NSW Origin stars Tom Trbojevic and Damien Cook are prime examples of most modern-day rugby league players who are preparing for life after football.
Manly fullback Trbojevic and Rabbitohs hooker Cook were previously acknowledged for their dedication to off-field pursuits when they were named in the 2017 RLPA/NRL Education and Wellbeing Academic Team of the Year.
The award highlights players' academic achievements and this year's team will be announced at the 15th Players Champion Awards on September 11 at Doltone House, Darling Island.
NRL's Wellbeing and Education Manager, Paul Heptonstall, said the NRL's strong focus on players undertaking studies away from football has led to positive transformation for NRL stars.
"We have a duty and an obligation as a game to prepare our players for life after football," Heptonstall told NRL.com.
"Playing rugby league unfortunately has a short-term life span and that's just the reality of it. So when the National Youth Competition started in 2008 we made it compulsory that if you weren't working or studying than you weren't allowed to play.
"What that created was this acceptance and this culture of learning, along with a smooth transition for our players."
To be eligible for the award players have to be established first-graders, show a long-term commitment to their respective educational programs and have a positive influence within their own club.
Heptonstall believes players like Trbojevic, who is undertaking a Bachelor of applied Finance with Bachelor of Economics, and education student Cook, along with five other NSW players, are leading the way for the next generation of players.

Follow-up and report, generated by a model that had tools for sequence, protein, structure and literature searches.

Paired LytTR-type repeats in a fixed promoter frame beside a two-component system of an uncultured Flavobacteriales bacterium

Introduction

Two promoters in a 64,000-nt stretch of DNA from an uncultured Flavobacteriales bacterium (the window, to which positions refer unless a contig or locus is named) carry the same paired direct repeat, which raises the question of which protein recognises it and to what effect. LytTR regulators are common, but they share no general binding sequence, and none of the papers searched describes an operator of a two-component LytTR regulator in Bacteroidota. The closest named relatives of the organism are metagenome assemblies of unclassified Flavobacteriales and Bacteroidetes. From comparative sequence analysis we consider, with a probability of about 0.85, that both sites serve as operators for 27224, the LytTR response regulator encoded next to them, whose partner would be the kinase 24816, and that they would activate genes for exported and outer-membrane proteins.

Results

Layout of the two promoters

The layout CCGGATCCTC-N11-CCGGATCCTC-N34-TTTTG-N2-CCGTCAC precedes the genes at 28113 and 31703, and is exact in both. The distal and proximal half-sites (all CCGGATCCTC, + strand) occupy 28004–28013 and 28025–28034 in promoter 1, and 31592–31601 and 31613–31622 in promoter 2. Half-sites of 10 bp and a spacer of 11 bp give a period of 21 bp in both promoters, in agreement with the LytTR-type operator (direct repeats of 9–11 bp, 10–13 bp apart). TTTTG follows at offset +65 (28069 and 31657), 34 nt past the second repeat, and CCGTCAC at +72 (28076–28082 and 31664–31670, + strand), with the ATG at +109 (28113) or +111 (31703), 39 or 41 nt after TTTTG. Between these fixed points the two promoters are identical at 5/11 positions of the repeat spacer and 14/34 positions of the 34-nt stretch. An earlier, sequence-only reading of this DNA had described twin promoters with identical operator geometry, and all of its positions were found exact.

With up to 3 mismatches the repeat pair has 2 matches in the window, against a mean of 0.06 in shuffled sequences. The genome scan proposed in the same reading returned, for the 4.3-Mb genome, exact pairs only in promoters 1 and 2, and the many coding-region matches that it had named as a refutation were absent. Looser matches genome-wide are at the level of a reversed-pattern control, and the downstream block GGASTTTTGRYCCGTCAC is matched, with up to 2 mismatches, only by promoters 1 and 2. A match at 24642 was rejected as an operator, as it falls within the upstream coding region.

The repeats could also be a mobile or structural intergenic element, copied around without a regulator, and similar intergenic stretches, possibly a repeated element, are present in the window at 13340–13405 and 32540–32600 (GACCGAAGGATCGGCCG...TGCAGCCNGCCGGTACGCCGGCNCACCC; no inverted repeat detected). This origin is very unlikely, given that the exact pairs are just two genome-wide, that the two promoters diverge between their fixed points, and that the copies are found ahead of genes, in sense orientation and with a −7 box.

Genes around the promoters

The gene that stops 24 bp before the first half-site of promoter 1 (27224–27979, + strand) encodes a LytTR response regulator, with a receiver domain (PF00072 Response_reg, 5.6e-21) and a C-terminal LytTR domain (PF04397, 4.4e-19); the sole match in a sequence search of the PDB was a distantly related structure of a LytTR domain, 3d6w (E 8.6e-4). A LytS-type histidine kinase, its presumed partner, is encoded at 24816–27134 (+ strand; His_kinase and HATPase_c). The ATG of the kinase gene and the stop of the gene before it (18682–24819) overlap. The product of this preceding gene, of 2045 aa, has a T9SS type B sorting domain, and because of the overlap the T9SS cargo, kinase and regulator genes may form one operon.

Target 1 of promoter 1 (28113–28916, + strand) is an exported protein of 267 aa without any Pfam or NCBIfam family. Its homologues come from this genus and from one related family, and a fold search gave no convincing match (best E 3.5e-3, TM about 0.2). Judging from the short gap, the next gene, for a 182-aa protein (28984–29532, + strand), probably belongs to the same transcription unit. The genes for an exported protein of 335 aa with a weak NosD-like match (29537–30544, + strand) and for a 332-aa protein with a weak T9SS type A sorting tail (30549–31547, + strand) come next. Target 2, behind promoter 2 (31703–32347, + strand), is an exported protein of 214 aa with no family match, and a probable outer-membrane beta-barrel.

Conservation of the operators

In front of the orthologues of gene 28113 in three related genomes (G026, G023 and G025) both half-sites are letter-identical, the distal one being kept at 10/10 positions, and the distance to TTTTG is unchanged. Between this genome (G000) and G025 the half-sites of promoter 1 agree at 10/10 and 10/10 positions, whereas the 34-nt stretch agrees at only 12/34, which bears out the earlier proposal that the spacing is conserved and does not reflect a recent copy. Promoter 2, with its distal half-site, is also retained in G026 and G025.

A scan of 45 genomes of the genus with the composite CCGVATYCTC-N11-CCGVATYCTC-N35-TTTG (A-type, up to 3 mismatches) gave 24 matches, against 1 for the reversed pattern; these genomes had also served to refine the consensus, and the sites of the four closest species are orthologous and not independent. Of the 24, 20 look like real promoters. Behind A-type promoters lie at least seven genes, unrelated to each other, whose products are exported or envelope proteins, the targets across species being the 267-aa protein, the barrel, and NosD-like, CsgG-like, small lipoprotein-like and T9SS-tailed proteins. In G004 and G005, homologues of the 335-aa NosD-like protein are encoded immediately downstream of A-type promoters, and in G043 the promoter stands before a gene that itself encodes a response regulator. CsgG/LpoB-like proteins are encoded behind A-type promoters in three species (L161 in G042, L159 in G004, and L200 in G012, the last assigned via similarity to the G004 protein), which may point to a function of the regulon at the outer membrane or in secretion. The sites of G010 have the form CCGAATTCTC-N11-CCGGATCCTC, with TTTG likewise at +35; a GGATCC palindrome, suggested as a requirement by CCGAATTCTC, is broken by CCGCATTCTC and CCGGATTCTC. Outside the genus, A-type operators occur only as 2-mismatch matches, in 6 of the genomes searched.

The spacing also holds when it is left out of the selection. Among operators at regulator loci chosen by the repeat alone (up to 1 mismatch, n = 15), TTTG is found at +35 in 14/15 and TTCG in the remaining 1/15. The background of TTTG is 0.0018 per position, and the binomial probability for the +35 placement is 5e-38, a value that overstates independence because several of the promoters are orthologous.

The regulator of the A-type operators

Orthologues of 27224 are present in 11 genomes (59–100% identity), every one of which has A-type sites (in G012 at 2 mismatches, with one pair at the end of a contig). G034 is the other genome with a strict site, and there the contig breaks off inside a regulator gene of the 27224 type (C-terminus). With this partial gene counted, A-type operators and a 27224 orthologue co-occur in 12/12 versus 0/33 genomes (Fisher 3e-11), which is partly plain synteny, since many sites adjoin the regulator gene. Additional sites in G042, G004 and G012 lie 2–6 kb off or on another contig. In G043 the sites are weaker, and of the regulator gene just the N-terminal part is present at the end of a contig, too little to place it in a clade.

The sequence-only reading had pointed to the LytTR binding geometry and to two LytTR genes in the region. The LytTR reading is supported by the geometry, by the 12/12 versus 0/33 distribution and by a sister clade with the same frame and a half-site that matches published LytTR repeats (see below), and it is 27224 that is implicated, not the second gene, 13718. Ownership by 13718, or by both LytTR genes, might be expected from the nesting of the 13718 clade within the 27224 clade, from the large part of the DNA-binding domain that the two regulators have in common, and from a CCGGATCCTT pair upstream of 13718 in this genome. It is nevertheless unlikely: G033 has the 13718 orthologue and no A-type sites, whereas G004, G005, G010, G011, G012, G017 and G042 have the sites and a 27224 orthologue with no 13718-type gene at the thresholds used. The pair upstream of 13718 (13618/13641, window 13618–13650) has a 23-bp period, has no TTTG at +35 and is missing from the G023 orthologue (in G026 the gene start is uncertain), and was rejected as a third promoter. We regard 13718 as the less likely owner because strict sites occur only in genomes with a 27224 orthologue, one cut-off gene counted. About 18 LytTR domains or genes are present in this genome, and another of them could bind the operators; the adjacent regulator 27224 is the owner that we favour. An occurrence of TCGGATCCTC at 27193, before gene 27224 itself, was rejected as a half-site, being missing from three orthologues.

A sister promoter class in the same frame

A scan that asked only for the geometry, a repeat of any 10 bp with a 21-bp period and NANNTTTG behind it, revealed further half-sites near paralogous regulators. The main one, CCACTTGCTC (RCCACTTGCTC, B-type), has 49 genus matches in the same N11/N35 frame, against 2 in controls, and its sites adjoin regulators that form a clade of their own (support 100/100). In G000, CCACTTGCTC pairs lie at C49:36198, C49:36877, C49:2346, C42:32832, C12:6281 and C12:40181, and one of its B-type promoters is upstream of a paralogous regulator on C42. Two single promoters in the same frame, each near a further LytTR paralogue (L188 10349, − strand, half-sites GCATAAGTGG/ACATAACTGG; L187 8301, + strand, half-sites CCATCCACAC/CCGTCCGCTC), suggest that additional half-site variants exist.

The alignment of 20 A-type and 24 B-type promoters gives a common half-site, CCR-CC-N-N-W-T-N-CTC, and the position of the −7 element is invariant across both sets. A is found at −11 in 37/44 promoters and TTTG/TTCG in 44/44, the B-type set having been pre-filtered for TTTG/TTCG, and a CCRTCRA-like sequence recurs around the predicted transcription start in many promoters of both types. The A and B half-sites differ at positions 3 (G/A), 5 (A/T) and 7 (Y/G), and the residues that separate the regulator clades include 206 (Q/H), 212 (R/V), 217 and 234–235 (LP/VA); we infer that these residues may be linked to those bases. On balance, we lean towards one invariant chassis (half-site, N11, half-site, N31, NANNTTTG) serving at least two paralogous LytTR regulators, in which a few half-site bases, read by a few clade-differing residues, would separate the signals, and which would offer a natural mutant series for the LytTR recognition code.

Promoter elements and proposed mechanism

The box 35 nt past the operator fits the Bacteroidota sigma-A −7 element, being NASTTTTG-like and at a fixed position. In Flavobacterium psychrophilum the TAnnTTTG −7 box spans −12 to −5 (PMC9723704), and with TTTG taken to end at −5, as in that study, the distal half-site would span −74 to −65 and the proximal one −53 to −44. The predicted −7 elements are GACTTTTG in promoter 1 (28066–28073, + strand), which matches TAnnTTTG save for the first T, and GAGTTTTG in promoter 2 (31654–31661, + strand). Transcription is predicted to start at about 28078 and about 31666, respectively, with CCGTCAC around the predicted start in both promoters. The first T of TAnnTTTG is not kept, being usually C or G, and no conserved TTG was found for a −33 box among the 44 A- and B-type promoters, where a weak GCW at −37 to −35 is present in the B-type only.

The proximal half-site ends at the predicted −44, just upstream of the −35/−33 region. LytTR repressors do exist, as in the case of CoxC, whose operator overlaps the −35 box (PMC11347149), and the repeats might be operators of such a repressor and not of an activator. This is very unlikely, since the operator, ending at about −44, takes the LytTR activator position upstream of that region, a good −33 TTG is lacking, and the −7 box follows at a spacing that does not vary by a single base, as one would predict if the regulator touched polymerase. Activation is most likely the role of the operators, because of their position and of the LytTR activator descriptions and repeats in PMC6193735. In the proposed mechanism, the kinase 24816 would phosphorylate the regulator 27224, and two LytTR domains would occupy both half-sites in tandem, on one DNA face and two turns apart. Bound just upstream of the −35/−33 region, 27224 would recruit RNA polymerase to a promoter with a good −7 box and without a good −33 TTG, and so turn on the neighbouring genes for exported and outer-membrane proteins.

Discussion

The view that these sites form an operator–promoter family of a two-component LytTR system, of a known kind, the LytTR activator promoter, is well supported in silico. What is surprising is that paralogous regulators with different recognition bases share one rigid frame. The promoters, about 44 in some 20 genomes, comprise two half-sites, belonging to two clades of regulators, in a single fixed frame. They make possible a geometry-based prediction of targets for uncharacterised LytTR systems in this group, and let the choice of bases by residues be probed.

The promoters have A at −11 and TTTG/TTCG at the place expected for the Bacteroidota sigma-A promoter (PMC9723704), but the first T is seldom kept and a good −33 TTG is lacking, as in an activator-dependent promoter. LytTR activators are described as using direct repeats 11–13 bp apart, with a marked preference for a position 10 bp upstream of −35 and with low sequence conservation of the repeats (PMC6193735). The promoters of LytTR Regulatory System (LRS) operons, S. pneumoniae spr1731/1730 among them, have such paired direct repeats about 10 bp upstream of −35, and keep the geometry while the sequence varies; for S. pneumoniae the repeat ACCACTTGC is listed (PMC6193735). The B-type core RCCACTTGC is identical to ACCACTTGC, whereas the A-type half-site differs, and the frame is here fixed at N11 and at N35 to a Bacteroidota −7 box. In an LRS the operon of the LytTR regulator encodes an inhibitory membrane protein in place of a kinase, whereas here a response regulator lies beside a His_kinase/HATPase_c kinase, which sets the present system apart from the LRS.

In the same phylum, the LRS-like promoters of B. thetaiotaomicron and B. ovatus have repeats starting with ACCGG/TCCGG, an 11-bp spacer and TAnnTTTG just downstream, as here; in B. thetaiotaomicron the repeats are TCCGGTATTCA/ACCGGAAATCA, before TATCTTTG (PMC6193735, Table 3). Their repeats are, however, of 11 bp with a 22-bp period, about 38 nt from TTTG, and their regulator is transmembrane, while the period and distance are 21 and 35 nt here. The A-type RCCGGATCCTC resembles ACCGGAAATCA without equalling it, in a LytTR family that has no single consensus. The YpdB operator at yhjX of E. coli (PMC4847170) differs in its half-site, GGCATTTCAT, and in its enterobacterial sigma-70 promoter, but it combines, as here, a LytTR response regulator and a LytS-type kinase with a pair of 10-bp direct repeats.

"Whether it's studying at university or undertaking a VET (Vocational Education and Training) course, it's important because its beneficial to the player, it's a benefit to the game having more educated people coming through and it's also a benefit to the next generation of kids," he said.
"In the NSW team this year there was seven at university who had either completed or are currently undertaking a degree.
"So the young ones that are coming through are looking up to Tom Trbojevic and Damien Cook, along with the other boys and saying 'wow they're the very best players in the game' and they're doing something outside football that will benefit them in the future."
Heptonstall said it all wouldn't be possible without the 16 Careers Coaches at each club.
"Their (the Careers Coaches) sole purpose is to unearth the passion in the people's life outside of football and put them on a pathway," Heptonstall said.
"That's really where the work is done with the 16 club career coaches, they're the ones who make sure it happens and make sure the players are on top of their commitments outside of football."
Last year's RLPA/NRL Education and wellbeing Academic Team of the Year included, Tom Opacic (Brisbane), Chad Townsend (Cronulla), Cook, Jacob Host (Dragons), John Asiata (Cowboys), Christian Welch (Storm), Anthony Don (Titans), Tim Mannah (Eels), Jamie Buhrer (Knights), Ava Seumanufagai (Wests Tigers), Trbojevic, Luke Keary (Roosters) and Michael Lichaa (Bulldogs).
Mannah took out last year's Academic Player of the Year for his commitment to his Bachelor of Sports Business degree after competing a Diploma of Financial Planning.
Other awards that will be presented on the night include, Indigenous Leadership and Excellence Award and the Pasifika leadership and Excellence Award.